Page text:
The unexpectedness of the book is what set this book apart for me. When I first started reading it, I encountered the eponymous man with one arm shorter than the other who was doing repairs in Delhi. The time changes over the next few books, but the man is in all of them.
After the first shift, I assumed that it was a collection of short stories and settled down to enjoy it that way. It was only when certain things started to happen in the book that I realised that there was a background narrative which held it all together.
Each chapter is a very delicate way of looking at people’s lives in Delhi (until the time fast forward to the future!). It is the kind of book that focuses on the more mundane parts of life, doing something with idle time, hobbies and latent wishes.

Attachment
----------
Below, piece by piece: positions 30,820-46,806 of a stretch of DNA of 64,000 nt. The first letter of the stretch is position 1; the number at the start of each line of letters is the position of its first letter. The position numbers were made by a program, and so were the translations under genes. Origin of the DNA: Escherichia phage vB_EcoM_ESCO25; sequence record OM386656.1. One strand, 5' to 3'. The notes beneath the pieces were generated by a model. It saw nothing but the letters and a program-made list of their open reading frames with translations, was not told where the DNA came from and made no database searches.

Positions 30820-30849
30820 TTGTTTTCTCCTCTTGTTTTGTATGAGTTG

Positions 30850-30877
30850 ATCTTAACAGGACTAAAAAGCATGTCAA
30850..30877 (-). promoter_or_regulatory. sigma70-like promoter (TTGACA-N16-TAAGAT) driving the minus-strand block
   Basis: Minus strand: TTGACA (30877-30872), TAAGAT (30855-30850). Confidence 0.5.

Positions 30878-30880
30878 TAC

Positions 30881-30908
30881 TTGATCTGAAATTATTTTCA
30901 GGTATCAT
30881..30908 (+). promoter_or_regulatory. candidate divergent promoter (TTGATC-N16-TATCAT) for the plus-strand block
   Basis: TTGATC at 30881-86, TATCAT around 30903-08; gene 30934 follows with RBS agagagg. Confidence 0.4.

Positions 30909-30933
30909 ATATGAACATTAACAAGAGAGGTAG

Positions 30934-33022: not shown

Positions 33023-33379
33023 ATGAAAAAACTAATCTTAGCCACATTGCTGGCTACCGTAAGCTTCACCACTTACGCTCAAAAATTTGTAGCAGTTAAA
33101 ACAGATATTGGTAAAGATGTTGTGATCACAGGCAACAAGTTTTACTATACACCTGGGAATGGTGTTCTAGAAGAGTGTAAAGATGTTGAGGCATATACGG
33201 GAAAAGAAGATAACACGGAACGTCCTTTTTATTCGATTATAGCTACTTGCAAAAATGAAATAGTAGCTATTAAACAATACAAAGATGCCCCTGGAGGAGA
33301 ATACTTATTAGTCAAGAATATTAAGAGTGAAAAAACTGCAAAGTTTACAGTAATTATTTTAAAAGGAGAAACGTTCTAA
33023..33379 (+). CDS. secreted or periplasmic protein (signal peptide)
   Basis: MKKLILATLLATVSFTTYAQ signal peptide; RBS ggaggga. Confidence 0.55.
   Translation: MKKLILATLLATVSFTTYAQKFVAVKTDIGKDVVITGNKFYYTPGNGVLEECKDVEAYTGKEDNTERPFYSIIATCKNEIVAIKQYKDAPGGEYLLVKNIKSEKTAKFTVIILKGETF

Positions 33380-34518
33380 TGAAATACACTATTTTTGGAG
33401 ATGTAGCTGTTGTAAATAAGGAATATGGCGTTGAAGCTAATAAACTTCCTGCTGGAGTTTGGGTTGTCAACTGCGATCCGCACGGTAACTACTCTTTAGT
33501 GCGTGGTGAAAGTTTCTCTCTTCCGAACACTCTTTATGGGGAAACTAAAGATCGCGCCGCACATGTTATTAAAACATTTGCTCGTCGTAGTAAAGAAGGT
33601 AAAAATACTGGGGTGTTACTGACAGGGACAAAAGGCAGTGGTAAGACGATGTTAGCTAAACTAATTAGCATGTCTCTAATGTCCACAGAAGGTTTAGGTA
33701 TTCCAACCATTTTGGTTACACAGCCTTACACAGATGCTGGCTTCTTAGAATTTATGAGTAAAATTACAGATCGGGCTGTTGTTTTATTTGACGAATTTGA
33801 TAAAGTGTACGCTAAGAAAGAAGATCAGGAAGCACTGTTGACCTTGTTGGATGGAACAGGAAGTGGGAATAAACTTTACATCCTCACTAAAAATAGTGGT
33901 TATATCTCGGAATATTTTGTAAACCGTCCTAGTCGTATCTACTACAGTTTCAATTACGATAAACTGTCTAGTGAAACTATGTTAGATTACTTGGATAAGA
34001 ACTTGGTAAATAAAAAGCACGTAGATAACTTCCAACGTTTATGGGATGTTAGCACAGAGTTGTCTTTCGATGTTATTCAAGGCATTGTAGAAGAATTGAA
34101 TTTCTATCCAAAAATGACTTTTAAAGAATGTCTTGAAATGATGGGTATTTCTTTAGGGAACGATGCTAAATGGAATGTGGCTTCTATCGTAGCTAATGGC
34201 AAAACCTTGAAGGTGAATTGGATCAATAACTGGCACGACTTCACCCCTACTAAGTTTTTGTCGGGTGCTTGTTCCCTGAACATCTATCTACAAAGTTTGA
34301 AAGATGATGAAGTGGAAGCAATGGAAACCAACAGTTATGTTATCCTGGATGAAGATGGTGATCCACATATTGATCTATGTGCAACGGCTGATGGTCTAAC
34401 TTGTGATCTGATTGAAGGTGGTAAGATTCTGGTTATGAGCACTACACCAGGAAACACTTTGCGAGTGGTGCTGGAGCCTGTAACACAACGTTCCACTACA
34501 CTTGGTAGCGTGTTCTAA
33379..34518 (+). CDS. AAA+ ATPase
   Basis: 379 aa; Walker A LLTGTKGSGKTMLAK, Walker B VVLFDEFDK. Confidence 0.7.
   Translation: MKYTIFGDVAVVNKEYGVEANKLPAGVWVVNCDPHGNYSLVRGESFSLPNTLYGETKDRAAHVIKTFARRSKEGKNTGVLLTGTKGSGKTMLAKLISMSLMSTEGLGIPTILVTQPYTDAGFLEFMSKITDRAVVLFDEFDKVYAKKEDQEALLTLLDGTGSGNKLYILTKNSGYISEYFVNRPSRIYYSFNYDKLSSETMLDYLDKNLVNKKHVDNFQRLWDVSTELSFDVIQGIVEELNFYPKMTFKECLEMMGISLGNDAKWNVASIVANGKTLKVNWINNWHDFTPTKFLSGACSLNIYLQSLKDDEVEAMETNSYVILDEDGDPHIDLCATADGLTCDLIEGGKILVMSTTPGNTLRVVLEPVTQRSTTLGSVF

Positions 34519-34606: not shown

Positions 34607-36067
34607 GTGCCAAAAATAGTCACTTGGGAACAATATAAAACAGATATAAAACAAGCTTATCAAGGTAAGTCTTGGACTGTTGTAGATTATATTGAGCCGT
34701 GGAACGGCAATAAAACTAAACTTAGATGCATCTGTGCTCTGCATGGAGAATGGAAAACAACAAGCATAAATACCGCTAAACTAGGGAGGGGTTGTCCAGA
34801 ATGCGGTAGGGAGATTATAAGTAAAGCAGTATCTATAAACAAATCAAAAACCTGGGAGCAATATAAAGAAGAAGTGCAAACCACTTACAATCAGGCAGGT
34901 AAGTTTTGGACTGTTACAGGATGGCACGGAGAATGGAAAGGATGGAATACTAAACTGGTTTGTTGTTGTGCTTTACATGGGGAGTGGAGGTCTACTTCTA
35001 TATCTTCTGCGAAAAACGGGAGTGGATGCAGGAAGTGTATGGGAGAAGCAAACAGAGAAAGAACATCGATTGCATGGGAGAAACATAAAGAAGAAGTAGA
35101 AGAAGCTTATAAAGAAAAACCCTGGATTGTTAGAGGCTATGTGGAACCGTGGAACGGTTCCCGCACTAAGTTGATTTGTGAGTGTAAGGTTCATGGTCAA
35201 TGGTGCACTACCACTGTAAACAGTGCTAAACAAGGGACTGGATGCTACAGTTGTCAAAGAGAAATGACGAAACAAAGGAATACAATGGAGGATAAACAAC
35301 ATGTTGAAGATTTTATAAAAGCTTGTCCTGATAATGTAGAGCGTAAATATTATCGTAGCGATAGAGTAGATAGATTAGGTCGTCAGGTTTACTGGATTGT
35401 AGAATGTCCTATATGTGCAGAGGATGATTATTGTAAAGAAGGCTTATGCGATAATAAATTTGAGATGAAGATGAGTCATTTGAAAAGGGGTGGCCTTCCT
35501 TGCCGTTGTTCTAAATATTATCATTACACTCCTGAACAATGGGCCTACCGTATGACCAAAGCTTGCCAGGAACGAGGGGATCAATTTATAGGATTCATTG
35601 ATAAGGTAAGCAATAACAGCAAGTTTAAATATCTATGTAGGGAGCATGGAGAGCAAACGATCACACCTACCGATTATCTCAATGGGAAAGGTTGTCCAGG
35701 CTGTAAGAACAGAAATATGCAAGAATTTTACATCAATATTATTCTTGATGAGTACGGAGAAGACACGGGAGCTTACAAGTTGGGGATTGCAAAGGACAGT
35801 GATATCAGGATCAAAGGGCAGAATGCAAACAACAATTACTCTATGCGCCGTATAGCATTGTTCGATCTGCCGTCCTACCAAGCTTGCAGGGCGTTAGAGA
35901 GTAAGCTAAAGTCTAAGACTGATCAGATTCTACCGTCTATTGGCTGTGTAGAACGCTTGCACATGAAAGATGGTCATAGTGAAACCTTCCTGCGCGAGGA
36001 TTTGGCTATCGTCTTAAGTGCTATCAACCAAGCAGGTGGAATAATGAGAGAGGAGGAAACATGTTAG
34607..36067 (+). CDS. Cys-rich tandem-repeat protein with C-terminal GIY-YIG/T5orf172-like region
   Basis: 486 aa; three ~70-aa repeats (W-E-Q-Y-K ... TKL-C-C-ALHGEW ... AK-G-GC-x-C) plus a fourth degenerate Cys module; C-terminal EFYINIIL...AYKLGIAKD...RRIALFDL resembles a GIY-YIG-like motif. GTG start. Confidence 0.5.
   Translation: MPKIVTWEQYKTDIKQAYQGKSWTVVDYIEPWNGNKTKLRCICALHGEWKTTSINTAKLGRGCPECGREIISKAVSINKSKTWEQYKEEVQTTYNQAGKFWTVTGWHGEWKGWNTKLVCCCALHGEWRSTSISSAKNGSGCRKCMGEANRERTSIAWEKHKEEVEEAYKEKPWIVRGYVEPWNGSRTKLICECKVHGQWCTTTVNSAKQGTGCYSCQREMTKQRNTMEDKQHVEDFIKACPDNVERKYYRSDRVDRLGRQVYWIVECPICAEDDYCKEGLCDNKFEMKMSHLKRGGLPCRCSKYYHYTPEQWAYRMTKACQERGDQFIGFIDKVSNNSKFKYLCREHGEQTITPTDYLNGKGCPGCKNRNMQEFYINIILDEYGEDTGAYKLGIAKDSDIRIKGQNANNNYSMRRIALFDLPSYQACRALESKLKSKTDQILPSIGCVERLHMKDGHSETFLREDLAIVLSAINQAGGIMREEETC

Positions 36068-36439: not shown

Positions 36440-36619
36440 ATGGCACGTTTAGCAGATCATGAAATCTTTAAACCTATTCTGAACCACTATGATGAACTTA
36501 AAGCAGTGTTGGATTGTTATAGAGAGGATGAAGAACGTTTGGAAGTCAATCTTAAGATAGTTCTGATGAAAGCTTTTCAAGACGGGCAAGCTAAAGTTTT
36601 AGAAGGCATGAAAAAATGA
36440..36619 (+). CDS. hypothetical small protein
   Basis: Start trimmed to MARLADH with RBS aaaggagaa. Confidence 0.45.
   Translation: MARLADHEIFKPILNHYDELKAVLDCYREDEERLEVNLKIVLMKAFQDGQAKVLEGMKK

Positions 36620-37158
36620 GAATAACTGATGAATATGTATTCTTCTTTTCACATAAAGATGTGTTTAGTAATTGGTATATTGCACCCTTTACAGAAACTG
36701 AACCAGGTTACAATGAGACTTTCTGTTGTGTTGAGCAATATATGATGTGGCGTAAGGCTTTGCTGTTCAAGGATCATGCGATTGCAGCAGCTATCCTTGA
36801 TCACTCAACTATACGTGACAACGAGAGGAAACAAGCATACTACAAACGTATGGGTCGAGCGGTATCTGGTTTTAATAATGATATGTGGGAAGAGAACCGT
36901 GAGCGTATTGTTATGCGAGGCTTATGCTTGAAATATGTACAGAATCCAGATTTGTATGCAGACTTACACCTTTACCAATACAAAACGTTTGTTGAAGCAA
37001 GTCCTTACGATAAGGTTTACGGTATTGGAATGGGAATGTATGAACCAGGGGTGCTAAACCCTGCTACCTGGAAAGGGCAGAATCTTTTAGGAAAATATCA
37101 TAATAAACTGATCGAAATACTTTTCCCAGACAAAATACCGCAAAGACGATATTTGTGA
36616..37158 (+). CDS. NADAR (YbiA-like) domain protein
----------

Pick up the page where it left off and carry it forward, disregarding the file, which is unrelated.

Each family we encounter has different priorities and things that they set out to do with the item they want to be repaired.
I was not as fond of the ending as I was of the rest of it. I might have actually been satisfied with it just being a collection of short stories. Although, I am sure the twist is something several people might enjoy.
There is a lot to take away from this book. It could certainly serve as a discussion point in any bookish gathering. It is a novella but feels like a bigger book (in a good way).
I received an ARC thanks to NetGalley and the publishers but the review is entirely based on my own reading experience.
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